Blockchain can shake up financial services, affect financial stability, Fed paper says
By Neil Roland. 1 September 2017.
Blockchain and other distributed ledger technologies have the potential to shake financial services to their roots and set off a series of other innovations that could affect financial stability, a US Federal Reserve paper said.
Distributed ledger technology, or DLT, is a kind of "foundational" or "infrastructure" innovation that "occurs extremely rarely," the working paper by Fed PhD economist John Schindler said.
The paper, posted last month, added, "If you have a genuinely new product, further innovation can more easily be built on top of it." For example, smart contracts, or computer protocols that can automate execution of contract provisions, could be written into distributed ledgers if the technology becomes widespread, the Fed researcher said.
This would automate "a significant portion of the financial system," the paper said. It also would open up other innovation possibilities including "decentralized autonomous organizations" run by rules written into smart contracts.
DLT, a secure way of storing data about payment, clearing and settlement transactions in a decentralized way, underlies bitcoin. Other securities markets and companies are developing products and services on a distributed ledger foundation.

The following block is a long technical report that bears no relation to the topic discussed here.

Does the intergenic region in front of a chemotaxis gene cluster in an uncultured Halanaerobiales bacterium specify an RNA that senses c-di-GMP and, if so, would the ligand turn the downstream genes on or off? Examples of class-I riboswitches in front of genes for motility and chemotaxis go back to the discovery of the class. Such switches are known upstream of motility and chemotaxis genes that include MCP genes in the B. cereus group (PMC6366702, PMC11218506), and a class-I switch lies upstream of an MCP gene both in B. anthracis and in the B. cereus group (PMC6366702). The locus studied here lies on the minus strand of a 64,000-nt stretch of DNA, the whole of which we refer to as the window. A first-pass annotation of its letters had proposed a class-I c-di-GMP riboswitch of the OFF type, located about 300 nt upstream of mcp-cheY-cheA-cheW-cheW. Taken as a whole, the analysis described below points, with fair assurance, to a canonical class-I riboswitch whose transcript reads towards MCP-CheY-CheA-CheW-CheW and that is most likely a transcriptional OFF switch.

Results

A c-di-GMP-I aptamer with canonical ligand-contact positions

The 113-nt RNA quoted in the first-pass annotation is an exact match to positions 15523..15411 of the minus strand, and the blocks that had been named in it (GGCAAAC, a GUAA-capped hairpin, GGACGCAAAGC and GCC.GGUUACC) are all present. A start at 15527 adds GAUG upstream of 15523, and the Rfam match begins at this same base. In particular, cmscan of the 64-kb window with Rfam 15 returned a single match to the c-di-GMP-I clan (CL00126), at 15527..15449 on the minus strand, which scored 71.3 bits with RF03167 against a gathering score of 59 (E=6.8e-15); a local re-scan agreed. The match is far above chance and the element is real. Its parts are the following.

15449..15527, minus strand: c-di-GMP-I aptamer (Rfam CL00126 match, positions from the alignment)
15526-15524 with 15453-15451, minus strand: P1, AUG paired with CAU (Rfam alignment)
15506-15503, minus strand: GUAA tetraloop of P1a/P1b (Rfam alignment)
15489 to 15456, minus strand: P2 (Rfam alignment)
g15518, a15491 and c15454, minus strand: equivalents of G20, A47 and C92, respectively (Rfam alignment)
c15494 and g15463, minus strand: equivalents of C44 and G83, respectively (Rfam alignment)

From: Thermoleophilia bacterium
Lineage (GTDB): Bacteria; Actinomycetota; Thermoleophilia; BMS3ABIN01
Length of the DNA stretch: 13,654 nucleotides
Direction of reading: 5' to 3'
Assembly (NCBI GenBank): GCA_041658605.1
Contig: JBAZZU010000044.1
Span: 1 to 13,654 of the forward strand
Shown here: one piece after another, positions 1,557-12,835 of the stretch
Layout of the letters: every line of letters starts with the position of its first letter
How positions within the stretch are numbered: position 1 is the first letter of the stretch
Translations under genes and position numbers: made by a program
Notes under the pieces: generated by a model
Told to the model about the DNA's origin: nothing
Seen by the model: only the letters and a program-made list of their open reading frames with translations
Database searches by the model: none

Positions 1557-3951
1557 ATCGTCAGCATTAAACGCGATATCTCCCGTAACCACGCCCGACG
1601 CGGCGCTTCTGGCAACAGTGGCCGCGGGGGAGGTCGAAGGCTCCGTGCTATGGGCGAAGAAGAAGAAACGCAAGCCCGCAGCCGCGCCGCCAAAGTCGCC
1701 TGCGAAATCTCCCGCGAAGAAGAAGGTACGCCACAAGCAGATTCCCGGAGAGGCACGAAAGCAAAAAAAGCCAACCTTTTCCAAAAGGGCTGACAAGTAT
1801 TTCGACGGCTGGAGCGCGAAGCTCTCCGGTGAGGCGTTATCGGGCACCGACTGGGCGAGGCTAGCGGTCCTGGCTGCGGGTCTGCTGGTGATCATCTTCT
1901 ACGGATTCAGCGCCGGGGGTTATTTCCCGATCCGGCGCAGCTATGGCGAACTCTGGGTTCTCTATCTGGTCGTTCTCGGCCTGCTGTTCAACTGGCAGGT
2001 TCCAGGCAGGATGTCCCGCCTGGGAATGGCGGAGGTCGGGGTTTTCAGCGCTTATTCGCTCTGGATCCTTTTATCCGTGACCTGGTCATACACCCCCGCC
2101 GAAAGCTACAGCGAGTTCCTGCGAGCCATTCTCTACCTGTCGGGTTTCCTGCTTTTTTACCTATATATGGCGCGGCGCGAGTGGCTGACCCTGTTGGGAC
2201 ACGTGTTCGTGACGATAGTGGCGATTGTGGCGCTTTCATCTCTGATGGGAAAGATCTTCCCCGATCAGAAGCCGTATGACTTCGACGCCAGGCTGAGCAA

Nasdaq has been an early experimenter with blockchain for private securities that don't trade on an exchange but can generate a lot of paperwork.
Overstock.com has established a blockchain-powered stock exchange called tO, which traded the first US Securities and Exchange Commission-regulated crypto securities in December 2016. The company also has issued bonds on the bitcoin blockchain.
Some US regulators already have noted blockchain's potential.
Christopher Giancarlo, head of the Commodity Futures Trading Commission, has said the technology "offers a great deal of promise" as a way to create a global network of derivatives trading repositories.
But the European Securities and Markets Authority has warned of potential systemic risks posed by DLT and called for "close monitoring." The regulator said the technology could increase market volatility, interconnectedness and liquidity.